#4 Access to All Grant-Funded Project Files

To ensure a thorough review can be conducted, your grant office must be allowed to review any and all grant files and records that document the implementation, performance, and expenditures for the organization’s grant-funded projects. These files typically include accounting records, invoices, purchase orders, day-to-day operation files, participant files, attendance/sign-in sheets, promotional materials, staff calendars, official correspondence, budget modifications, program plan changes, time and effort sheets, etc. Without access to these files, your grant office will not be able to conduct a comprehensive review .

#5 An Established Process by which to Address Non-Compliance Issues

Image that there was a national law that set the speed limit on interstate highways at 45 miles per hour – but there were no regulations or approved penalties that compelled drivers to comply with the law. If there are no consequences, why would people keep their speed under the maximum decreed by law? Well, I think that we can all agree that most people would simply ignore the law.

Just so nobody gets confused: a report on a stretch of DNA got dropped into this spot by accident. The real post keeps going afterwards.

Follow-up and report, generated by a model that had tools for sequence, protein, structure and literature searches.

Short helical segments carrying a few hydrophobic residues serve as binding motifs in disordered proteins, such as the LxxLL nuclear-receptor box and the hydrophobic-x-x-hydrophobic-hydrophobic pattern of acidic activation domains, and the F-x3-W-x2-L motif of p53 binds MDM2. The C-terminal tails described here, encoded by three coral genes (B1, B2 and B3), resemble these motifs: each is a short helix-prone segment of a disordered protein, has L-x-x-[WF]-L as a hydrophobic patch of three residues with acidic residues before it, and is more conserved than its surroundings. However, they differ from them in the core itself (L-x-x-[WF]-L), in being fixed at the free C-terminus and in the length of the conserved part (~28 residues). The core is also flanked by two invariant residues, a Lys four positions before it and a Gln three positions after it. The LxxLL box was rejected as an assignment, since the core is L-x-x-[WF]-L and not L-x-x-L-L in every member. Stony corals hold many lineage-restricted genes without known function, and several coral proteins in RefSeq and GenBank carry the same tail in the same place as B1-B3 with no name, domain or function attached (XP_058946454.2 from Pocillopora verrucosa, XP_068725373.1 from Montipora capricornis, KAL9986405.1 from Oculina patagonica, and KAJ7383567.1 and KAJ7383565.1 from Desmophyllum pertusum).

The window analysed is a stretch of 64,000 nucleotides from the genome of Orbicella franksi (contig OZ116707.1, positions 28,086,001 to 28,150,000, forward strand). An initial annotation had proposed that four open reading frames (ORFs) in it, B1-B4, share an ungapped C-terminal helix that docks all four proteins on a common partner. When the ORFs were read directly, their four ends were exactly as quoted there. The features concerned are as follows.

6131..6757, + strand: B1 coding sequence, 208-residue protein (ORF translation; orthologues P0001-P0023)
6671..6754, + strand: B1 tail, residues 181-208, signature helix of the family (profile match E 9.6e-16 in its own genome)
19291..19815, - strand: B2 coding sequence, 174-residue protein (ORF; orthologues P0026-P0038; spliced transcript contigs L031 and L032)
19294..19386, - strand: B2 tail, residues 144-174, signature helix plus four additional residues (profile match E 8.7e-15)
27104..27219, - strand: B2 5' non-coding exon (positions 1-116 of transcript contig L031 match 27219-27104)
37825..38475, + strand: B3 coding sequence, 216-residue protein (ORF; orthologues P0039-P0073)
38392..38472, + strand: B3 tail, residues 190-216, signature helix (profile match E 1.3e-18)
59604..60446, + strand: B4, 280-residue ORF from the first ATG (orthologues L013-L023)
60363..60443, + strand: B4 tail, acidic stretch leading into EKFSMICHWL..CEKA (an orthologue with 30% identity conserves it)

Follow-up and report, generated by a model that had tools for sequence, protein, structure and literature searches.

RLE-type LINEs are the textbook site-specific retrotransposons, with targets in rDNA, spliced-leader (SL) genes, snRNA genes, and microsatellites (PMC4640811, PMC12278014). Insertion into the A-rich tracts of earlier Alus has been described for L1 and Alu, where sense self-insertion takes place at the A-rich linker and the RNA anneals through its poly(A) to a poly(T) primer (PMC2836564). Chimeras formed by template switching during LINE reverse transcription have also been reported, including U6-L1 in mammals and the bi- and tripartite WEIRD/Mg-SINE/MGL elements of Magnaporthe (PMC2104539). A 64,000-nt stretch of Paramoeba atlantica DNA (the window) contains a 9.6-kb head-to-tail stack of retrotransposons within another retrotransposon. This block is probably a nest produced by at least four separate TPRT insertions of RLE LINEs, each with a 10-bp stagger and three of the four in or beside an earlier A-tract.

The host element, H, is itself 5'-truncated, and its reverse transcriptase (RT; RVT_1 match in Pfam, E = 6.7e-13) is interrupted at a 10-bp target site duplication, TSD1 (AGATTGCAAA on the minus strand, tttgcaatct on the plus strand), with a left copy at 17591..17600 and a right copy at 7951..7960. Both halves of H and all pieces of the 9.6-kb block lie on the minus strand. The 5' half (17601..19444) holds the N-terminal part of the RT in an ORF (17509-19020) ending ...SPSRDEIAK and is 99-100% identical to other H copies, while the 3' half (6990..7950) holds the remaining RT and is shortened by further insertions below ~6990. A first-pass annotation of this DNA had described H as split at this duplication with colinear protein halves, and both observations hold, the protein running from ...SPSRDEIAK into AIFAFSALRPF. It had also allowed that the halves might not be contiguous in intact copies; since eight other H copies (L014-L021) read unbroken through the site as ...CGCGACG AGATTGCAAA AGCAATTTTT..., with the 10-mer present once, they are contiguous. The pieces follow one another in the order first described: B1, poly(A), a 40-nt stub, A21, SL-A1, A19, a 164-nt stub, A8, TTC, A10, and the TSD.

Similarly, it’s been my experience that the same is often true in regards to compliance with contractual conditions. Sadly, at times we all will probably encounter a project manager that simply won’t comply with requests and directives given by the grant office. They may fail to submit their reports on time. Or they may not worry about achieving their outcome objectives per the timeline submitted with their grant proposal.

I was once told by one of my managers that she wasn’t worried about performing all of the promised outcomes because I (the grant office) am great at explaining situations in ways that funders will understand. Well, I’m good but sometimes good isn’t good enough. Funders want organizations to achieve what they were paid to do and often no excuses (however valid we might think they are) are acceptable. This is especially true of federal agencies that expect all of their grantees to perform their stated outcomes – no matter what.

Therefore, it is extremely important that your organization has an established process by which you can address non-compliance issues. Having such a process (and knowing that it will be used) can be a strong deterrent to project managers that may consider not complying with grant office recommendations.

If your organization has established these five practices, I’m confident that you will be able to catch any errors or omissions before an external audit by a funding agency. And while your colleagues may still not be in love with internal reviews, they will most definitely love the fact that visits from your funders will be nearly stress-free.